In what has to be one of the oddest opening tracks on any album, Will Menter’s Above And Below Ground Level starts with a tourist guide leading her charges deep into a French cave. The guide’s singsong voice and the shuffling, whispering tourists underline the cavernous ambience. Then the guide invites us to contemplate the Palaeolithic paintings in silence, and for forty seconds or so we listen to exactly that. “It needs a special kind of listening that is not very evident,” explains Menter on the phone from his home in central France. “I was trying to frame the silence at the end of the track, to build up to a situation where the listener is forced to use their visual imagination to conjure up what is happening. Anyway, the idea was to make this track inform the way the rest of the CD was listened to - so that was why I put it first.”
Menter has now released four albums on his own Resonance label, highly personal collections of recordings in which his sound sculptures compete for attention with chunks of his surroundings and daily life. A swarm of bees invades his bathroom; on a foggy hill he encounters cows wearing bells; he plays meditative soprano sax alongside a local cow, a waterfall, or footsteps running across a slate beach in Wales. Even a pair of new shoes triggers a whole piece celebrating leather and tile (“Stepping”). Menter: “The start of that was noticing that my leather-soled sandals made a nice noise in my sitting-room, which has a terracotta tiled floor. I wanted it to be recognisable as walking and at the same time musical. It veers between someone walking around, and a kind of tap dancing. All the slower sounds are straightahead recordings, though some are long loops – then the faster ones are sequenced on a computer, but it’s the same sources.”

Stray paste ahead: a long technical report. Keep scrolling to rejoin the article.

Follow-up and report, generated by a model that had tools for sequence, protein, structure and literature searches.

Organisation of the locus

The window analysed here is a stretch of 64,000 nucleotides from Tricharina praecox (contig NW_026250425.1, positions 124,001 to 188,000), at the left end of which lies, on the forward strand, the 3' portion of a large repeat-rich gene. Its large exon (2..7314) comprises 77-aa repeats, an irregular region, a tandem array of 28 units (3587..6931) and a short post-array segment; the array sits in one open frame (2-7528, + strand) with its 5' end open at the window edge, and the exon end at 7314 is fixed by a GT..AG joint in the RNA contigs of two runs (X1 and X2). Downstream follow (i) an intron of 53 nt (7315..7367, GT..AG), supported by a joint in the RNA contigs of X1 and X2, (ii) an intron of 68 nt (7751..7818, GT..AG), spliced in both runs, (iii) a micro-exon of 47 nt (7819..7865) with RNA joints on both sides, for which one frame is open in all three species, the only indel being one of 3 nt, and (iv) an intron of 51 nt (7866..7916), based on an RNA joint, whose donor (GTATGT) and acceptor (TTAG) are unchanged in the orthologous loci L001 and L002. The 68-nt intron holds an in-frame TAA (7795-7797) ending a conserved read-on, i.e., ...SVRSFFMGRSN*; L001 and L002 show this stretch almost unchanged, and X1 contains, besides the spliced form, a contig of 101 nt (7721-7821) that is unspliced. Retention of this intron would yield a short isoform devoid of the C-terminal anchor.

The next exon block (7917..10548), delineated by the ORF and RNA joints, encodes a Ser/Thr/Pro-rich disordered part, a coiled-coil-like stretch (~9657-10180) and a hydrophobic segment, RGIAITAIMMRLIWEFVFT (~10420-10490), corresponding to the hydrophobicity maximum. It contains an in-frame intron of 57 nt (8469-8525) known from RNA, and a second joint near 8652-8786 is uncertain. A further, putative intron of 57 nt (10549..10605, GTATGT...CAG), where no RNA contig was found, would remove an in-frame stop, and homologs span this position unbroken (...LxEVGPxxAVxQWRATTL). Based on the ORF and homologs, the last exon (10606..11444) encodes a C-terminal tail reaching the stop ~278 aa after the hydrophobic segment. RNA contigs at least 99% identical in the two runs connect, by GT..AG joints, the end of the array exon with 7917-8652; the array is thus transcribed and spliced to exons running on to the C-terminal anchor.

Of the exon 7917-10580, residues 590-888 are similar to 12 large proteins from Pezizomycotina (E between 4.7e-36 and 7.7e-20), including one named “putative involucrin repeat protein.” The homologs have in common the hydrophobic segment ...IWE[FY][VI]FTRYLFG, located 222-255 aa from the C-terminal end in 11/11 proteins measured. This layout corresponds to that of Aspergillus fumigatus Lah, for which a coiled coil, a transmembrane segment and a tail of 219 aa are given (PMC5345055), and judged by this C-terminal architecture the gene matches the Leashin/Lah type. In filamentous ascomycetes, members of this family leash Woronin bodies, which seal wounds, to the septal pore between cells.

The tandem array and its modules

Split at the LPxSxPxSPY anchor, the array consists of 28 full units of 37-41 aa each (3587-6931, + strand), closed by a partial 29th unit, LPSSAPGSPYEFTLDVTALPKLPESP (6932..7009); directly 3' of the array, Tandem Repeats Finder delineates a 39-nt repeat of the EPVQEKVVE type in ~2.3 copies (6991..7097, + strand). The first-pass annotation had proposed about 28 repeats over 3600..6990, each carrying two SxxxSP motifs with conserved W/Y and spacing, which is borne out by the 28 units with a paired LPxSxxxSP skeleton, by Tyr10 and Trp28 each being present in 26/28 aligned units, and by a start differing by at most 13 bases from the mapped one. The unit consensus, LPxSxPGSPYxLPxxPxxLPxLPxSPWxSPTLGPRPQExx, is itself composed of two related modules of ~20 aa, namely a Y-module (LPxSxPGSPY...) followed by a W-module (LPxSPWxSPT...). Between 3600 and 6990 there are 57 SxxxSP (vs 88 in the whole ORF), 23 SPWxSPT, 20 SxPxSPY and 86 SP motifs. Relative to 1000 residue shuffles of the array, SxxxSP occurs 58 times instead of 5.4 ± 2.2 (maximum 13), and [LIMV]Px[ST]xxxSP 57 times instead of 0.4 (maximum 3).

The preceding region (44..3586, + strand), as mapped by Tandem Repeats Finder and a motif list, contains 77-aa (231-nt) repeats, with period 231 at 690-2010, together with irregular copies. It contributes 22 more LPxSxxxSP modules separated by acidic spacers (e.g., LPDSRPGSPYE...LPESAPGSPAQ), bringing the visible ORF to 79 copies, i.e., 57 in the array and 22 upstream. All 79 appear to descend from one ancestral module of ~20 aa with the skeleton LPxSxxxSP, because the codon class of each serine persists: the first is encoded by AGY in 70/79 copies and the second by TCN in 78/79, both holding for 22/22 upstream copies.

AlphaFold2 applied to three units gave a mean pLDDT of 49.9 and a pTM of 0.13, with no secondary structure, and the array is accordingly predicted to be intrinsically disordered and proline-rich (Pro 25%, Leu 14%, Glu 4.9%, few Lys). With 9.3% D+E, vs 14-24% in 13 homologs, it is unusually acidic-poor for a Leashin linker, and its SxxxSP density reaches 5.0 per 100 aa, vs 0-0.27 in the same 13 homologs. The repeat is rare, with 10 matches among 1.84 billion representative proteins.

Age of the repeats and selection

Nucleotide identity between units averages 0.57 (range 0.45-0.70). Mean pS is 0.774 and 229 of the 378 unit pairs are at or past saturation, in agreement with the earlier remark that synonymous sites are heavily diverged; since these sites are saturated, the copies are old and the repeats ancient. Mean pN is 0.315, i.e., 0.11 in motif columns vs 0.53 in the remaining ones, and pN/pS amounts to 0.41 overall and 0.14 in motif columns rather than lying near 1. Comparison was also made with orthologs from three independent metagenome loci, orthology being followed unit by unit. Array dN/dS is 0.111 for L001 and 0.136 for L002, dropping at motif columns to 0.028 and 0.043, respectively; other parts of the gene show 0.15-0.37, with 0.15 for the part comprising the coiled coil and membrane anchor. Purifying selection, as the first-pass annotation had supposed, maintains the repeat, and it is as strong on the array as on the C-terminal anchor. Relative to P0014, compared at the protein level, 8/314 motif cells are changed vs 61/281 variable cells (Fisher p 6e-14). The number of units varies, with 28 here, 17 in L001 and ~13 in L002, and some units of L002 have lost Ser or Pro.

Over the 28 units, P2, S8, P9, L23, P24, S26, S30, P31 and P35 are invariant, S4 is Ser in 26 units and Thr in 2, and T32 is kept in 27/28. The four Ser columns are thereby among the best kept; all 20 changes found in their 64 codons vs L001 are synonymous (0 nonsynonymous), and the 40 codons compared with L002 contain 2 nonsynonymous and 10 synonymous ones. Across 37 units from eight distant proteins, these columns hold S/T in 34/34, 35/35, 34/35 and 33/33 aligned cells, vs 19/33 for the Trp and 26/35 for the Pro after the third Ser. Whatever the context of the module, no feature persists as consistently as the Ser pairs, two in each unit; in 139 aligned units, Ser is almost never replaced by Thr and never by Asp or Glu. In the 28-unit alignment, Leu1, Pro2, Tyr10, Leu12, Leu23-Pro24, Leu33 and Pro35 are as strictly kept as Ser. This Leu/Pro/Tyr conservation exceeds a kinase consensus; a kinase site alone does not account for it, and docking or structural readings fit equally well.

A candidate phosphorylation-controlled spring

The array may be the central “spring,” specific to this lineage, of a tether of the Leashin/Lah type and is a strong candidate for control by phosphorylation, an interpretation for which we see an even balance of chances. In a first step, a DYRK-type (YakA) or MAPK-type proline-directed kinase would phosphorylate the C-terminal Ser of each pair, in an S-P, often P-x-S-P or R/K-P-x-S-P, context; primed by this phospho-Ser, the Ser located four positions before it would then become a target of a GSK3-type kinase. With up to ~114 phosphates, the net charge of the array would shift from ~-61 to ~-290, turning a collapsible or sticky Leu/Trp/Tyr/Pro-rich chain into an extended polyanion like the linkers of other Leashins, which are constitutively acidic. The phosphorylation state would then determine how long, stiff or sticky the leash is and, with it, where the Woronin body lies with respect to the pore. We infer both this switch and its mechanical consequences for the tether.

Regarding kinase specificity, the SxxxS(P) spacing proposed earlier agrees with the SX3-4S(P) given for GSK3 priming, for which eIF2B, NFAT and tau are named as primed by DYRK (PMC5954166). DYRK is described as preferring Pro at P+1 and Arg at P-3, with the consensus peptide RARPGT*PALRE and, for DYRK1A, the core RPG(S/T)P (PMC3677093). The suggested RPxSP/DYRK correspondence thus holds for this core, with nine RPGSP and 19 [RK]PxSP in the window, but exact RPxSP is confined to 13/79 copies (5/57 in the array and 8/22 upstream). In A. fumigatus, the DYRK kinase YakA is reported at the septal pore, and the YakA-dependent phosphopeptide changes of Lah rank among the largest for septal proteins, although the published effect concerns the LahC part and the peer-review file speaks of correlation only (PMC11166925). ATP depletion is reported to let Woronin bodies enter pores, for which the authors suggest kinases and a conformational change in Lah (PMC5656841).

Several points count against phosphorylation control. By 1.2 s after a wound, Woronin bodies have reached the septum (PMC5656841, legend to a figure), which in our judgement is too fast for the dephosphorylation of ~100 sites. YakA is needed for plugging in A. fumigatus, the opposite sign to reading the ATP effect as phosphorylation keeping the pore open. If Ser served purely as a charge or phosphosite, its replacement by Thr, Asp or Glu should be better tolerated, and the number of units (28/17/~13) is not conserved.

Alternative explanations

On other tracks Menter’s sound sculptures and self-built instruments, constructed mainly from wood, water and slate, are variously placed under waterfalls, sampled and replayed by computers, or even destroyed by gales (on “Weathered” we hear a sculpture suspended in a tree collapsing when a storm blows down the tree). There’s a lot more going on here than simply documenting sound sculptures.
"I think of the albums as creating an imaginary world,” says Menter, “but I wouldn’t call it a fantasy world. I want it to be recognisable as a world that most people would know. And it’s music of course. It’s also to do with technology – having a portable DAT recorder and a computer means you can gather sounds in a certain way and develop ideas from that.”
Sculptor, improviser and saxophonist, Menter is clear that he has always seen himself as a composer too, right back to the late 60s, when he was writing music inspired by John Coltrane for his teenaged jazz group, Will’s Thing. Ten years later Menter was active in the Bristol Musicians Coop and founded the Zyzzle record label. One release was his own Community, “a radical approach to combining improvisation and composition”, played by a 20 piece orchestra. The group Overflow was another distinctive project, an octet devoted to interlocked hocketting techniques on dozens of instruments devised from plastic tubing. 1990’s Slate Voices paired Sianed Jones’s voice with Menter’s slate marimbas, christened Llechiphones from the Welsh word for slate. This multimedia presentation mixed music and sung texts with video projection and sculptural set design, and performances took place deep underground, inside slate quarries.